And you know what? Sometimes I’m a bonehead and I do things or say things or think things that hurt other members of the body of Christ. And that means I have to admit places where I was in error. Does anyone here like doing that? But whether you like it or not, do you recognize how important those things are to our relationships with others? Conflict, disagreement, hurt feelings – all of those things are going to happen where humans are involved. I wish I could promise you that none of that would ever happen in church, but look around – we are very human in here, so we’re probably going to let each other down sometime. But we are called to discern the body, which means we should always seek to edify and build each other up.
You will often see these words on Communion tables – “In Remembrance of Me.” Think of “remember” as the opposite of “dismember.” As Christians, we are described as members of the body of Christ. Every time we come to this table, we “re-member” Christ. That is, we get the body back together. Every time we come to this table, we declare our allegiance to God and to each other, that we are one in the Spirit, we are one in the Lord, we are one in the bond of love, that because there is one bread, we, though we are many, are one, for we all partake of the one loaf.
Recall that when Jesus first celebrated this meal with his disciples, it was during the context of a Jewish Passover meal. On the night of Passover, Jewish families gather to share a meal to remember how they were once slaves in Egypt, but how God saved them.
In the context of this Jewish meal of salvation, Jesus takes familiar symbols from the table and reinterprets them. Just as the Passover meal is a way of dynamically remembering God’s salvation of the Jews, so Jesus reinterprets it to make it a meal of salvation for his followers.
We sometimes hear the words, “In remembrance,” and we think of this as some sort of pleasant memory, a nice, sweet, nostalgic feeling. Yet, this phrase is what is referred to as dynamic remembrance, meaning that something happens at the table. We don’t just have pleasant thoughts about a meal that Jesus shared with his disciples once upon a time, in some way, every time we gather at this table and take this bread and cup, we participate in the very same meal as if we were there. It’s not just a pleasant memory that we each have somewhere in our inner selves, Christ is really present to us in ways that are just as real so many years later as they were in that upper room in Jerusalem.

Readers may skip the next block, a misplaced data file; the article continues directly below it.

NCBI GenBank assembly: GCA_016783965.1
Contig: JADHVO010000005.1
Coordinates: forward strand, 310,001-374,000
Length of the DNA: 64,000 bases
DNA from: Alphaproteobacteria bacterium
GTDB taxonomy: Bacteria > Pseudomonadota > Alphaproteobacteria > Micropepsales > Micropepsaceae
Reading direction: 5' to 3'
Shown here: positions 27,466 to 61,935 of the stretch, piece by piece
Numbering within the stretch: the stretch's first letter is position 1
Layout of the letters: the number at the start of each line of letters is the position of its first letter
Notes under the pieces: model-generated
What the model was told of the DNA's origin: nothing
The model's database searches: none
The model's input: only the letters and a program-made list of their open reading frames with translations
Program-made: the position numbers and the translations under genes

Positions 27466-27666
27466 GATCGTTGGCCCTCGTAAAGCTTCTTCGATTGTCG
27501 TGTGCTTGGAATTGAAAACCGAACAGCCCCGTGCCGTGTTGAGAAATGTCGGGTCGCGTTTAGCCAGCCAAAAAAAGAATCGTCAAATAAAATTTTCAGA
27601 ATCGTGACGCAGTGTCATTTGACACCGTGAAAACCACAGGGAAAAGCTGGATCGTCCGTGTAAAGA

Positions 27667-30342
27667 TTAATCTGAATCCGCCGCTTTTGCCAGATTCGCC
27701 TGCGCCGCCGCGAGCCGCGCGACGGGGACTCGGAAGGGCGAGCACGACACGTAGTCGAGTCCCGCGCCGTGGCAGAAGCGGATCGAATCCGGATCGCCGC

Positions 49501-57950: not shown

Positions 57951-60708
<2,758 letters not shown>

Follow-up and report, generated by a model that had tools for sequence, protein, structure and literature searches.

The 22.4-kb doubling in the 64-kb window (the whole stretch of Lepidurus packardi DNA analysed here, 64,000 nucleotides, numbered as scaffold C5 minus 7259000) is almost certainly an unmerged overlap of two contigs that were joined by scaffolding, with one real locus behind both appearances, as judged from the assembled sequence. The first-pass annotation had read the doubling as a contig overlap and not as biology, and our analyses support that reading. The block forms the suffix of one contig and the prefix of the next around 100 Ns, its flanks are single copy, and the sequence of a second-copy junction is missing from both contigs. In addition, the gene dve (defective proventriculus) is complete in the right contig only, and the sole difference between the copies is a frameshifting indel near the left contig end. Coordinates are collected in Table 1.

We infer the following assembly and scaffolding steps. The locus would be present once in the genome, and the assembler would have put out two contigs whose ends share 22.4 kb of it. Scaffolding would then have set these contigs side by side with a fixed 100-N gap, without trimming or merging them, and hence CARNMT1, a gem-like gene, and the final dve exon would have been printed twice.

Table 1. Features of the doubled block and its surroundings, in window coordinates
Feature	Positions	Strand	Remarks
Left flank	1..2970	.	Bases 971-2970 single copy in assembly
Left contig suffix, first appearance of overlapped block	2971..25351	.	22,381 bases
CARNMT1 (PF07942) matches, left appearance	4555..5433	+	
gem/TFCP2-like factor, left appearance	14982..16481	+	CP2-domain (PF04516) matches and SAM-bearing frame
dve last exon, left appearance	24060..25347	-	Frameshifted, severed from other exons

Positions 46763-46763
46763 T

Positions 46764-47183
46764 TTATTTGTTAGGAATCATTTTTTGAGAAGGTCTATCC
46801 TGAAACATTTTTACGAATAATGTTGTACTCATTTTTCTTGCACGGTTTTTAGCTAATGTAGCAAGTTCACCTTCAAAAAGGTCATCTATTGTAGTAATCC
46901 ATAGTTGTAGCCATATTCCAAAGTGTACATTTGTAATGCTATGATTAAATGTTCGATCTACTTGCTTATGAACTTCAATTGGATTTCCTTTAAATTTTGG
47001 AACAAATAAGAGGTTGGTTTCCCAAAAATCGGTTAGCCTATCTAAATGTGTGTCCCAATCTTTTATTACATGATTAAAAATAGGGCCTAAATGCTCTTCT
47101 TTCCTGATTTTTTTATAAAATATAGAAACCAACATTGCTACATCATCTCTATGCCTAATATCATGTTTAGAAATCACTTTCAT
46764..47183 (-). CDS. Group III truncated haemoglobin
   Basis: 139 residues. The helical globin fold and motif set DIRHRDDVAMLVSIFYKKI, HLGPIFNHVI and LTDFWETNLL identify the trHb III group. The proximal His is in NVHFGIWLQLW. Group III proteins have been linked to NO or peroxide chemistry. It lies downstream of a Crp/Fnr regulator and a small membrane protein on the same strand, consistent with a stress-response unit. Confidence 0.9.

Or, sometimes we hear the words of Jesus, “Do this in remembrance of me,” and we approach the meal as if we’re coming to a funeral. Quiet, somber, sorrowful – it’s as if we’re gathering on the anniversary of his death to say goodbye to a dear departed friend, to keep his memory alive in our hearts, so he may live on in our memories. It’s as if someone stands up at the front here and says, “We’re here to remember poor old Jesus, who couldn’t keep his mouth shut and got himself killed.”
But the one who we come to remember is still very much alive, and this meal is a celebration of the resurrection! The resurrected and living Lord dines with us each time we receive these elements of bread and wine, and I can think of nothing more joyful than that realization. Every time we celebrate Communion, I want you to come forward in an attitude of celebration and joyful praise. Too often and in too many places, people come forward for Communion like they’re on a death march. Friends, this is a life march! This is not the time to stare at your shoes, to go through the liturgy in rote monotone, to mumble the words to the hymns, to look sad and serious and mournful.
When you approach the table of our Lord, it’s a time to celebrate. But I want to be very clear, while Communion is a celebration and a joyful time, it’s not a free-for-all. It’s not the time to chit chat with your neighbors, to check your plans for next weekend, to make your to-do list, to finalize your fantasy football picks, to check your email on your phone. Yes, we celebrate and rejoice in the fellowship of our brothers and sisters, but we do all of this with an eye toward God that respects the holiness of the moment and provides an opportunity for the Holy Spirit to work and move among the congregation.
Worship is always a celebration of the presence of God in our midst. And as such, it is joyful. I can hardly understand churches and church people who want church to be boring – the celebration of God in our midst is hardly a boring thing! It’s a time to sing praise at the top of your lungs. It’s a time to be joyful and thankful. You know the song we sing at the end of worship every week? I’m so glad Jesus lifted me? Tam Thompson likes to dance and clap to that song, I know many of you do as well, and you know what, I think you should! And that joyful exuberance is just the attitude with which we should approach the celebration of Holy Communion. Church should be a party every week, church should be fun, church should be celebratory, church should be joyful – especially on a Sunday when we are invited to the Lord’s table in order to feast on God’s grace.
And so I invite you to the Lord’s table – to be reunited with Christ and deeply connected to Christ’s people in all places. I invite you to receive a big hunk of God’s grace so your life may be transformed in big ways. I invite you because Christ promises to meet us here, and sure enough, every time we break this bread and share this cup, he is present in our midst.